NOAA: September 2020 Saw Hurricanes, Tropical Storms, Destructive Fires, Record Heat | $16-Billion Disasters this Year. So Far.

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September saw historic wildfires across the west. Credit: NOAA

This post first appeared on the NOAA website

September will be remembered as a month of extremes: Historic wildfires burned across the West, unprecedented tropical activity churned up the Atlantic, and parts of the country saw record heat.

What’s more, the first nine months of 2020 brought a record-tying 16 billion-dollar weather disasters to the nation, according to scientists with NOAA’s National Centers for Environmental Information. Six of those events —  western wildfires, a Western/Central U.S. drought and heatwave, Hurricane Sally, Hurricane Laura, the Midwest derecho, and Hurricane Isaias — have all occurred since June.

Here are the climate highlights for September and 2020 to date:

Climate by the numbers

September 2020

The average September temperature across the contiguous U.S. was 66.0 degrees F — 1.1 degrees above average — which fell into the warmest third in the 126-year record. While parts of the country saw cooler-than-average temperatures, including the Plains and Deep South, much of the West was steamy.

California and Oregon saw their hottest September on record; Arizona and Nevada had their second hottest.    

The average precipitation last month was 2.38 inches (0.11 of an inch below average), which ranked in the middle third of the record. Some locations did see a wetter-than-normal September, including the Deep South and Southeast, due mainly to Tropical Storm Beta and Hurricane Sally. In fact, Georgia has its ninth-wettest September on record.

Year to date (YTD) | January through September 2020

The year-to-date average temperature for the contiguous U.S. was 57.3 degrees F — 2.3 degrees above the 20th-century average and the sixth-warmest YTD on record. Florida experienced its hottest YTD, while Arizona, Massachusetts, New Jersey, and Rhode Island saw their third hottest.

In terms of precipitation, the YTD total was 24.08 inches (0.88 of an inch above average) and ranked in the middle third of the record. 

Mississippi, North Carolina, Tennessee, and Virginia saw their third-wettest YTD on record, while Utah and Colorado recorded their driest and second-driest YTD, respectively.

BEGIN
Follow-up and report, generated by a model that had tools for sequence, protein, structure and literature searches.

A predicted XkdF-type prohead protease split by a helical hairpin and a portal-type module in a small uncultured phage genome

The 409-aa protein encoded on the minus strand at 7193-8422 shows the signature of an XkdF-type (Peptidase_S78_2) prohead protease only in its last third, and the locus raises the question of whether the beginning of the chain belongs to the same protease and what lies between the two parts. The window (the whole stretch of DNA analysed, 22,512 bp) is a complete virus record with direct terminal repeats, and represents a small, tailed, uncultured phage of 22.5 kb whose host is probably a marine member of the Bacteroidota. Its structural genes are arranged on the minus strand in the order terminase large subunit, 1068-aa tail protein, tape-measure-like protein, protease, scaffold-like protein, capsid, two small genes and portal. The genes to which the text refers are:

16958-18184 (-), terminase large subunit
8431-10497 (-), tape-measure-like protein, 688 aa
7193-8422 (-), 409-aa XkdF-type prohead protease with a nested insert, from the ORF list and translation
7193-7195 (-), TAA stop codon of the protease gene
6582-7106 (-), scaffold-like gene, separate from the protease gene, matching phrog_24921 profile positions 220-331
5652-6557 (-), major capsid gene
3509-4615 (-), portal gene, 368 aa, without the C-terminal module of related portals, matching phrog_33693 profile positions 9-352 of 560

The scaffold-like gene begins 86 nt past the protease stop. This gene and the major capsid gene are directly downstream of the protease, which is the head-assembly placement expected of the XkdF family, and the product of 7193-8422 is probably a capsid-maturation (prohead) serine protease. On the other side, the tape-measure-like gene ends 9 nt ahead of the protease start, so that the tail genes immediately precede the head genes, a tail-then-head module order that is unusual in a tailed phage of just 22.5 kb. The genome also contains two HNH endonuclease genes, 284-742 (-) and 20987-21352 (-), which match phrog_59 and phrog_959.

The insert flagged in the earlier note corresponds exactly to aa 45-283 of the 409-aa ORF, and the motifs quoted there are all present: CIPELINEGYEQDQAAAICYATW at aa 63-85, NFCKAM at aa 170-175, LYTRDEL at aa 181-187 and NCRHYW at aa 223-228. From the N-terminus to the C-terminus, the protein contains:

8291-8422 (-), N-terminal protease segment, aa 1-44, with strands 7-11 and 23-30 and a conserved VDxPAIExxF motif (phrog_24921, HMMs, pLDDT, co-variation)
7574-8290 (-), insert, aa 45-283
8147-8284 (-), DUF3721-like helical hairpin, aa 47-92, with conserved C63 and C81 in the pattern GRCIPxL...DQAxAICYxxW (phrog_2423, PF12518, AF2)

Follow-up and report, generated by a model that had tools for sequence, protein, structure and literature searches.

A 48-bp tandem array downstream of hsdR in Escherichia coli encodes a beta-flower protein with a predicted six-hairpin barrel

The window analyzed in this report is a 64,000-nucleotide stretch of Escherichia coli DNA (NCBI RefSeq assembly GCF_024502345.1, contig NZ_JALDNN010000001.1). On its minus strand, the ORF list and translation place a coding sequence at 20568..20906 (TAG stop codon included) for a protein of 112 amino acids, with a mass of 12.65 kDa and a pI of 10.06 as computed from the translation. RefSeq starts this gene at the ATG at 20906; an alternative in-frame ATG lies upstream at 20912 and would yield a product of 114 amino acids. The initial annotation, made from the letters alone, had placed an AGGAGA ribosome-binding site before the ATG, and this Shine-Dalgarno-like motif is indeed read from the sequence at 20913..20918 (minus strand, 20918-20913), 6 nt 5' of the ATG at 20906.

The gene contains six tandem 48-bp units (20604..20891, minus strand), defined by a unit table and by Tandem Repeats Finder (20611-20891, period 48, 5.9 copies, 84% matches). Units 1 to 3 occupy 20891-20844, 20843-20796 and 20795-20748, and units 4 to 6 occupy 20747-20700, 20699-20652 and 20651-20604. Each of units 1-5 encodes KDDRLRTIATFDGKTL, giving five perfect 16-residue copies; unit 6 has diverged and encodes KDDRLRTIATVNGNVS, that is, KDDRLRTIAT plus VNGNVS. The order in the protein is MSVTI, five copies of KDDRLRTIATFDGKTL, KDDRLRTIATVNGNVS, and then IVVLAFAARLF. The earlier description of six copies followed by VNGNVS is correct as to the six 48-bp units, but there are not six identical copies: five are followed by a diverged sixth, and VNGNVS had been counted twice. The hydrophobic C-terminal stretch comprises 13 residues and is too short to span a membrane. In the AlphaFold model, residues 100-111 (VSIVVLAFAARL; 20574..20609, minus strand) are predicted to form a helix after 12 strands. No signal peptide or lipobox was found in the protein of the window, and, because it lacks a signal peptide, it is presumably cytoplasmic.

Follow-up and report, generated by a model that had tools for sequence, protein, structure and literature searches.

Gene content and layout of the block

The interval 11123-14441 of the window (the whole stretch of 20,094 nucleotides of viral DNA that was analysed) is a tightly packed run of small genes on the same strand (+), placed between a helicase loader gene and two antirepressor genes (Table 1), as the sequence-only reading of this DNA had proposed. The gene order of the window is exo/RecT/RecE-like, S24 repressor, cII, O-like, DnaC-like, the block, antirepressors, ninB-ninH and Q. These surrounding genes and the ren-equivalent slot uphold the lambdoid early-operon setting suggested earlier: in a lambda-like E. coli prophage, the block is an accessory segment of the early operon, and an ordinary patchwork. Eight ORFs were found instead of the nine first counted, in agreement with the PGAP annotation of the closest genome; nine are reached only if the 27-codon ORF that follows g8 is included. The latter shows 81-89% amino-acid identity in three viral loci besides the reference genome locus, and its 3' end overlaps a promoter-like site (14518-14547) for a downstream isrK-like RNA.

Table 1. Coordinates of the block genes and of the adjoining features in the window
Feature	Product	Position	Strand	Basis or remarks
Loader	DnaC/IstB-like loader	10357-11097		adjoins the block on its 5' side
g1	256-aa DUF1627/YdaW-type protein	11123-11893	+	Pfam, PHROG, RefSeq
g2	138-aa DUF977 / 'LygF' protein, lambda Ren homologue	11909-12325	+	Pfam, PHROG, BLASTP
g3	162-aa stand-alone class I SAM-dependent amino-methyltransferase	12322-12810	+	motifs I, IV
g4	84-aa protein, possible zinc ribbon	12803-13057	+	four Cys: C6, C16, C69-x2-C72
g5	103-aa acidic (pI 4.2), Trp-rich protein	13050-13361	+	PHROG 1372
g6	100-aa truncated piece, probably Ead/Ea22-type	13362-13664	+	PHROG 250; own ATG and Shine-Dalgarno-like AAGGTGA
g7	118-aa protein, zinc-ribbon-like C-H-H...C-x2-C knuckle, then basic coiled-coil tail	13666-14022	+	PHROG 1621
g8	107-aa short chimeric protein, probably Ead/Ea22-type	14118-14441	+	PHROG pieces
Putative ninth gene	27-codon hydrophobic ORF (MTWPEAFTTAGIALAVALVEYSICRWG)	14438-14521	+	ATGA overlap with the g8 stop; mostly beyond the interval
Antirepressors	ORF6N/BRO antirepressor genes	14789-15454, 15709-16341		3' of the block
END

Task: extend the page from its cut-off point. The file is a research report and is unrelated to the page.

A map of the U.S. plotted with all 16 billion-dollar disasters experienced in 2020 through September. For more details, please visit

Billion-dollar disasters to date

From January through the end of September of this year, the U.S. has experienced 16 weather and climate disasters with losses exceeding $1 billion each. Eleven were due to severe storms—which occurred across more than 30 states—and the remaining 5 comprised one wildfire, one drought, and three tropical cyclones.

With 16 disasters so far, 2020 has already tied with 2011 and 2017 for the largest number of disasters in a calendar year. This is also a record sixth-consecutive year where 10 or more billion-dollar disasters have struck the U.S.

An annotated map of the United States showing notable climate and weather events that occurred across the country during September 2020. For text details, please visit

More notable climate events

  • Wildfires wreaked havoc across California: Since mid-August, more than 4 million acres have burned across California, breaking the statewide burn record set in 2018 by more than 2 million acres. Five of the top six largest wildfires on record in California (dating to 1932) burned between August and the end of September.
  • The tropics were very active: The Atlantic hurricane season continued at a record pace last month. In September alone, 10 named storms formed — Nana, Omar, Paulette, Rene, Sally, Teddy, Vicky, Wilfred, Alpha, and Beta. For the first time since 1971, five named storms churned in the Atlantic Basin at the same time.

  • Drought got worse: According to the U.S. Drought Monitor report, 42.6% of the contiguous U.S. was in drought, up about 3 percentage points from the beginning of September. Drought conditions expanded or intensified across much of the Northeast and the western half of the contiguous U.S.

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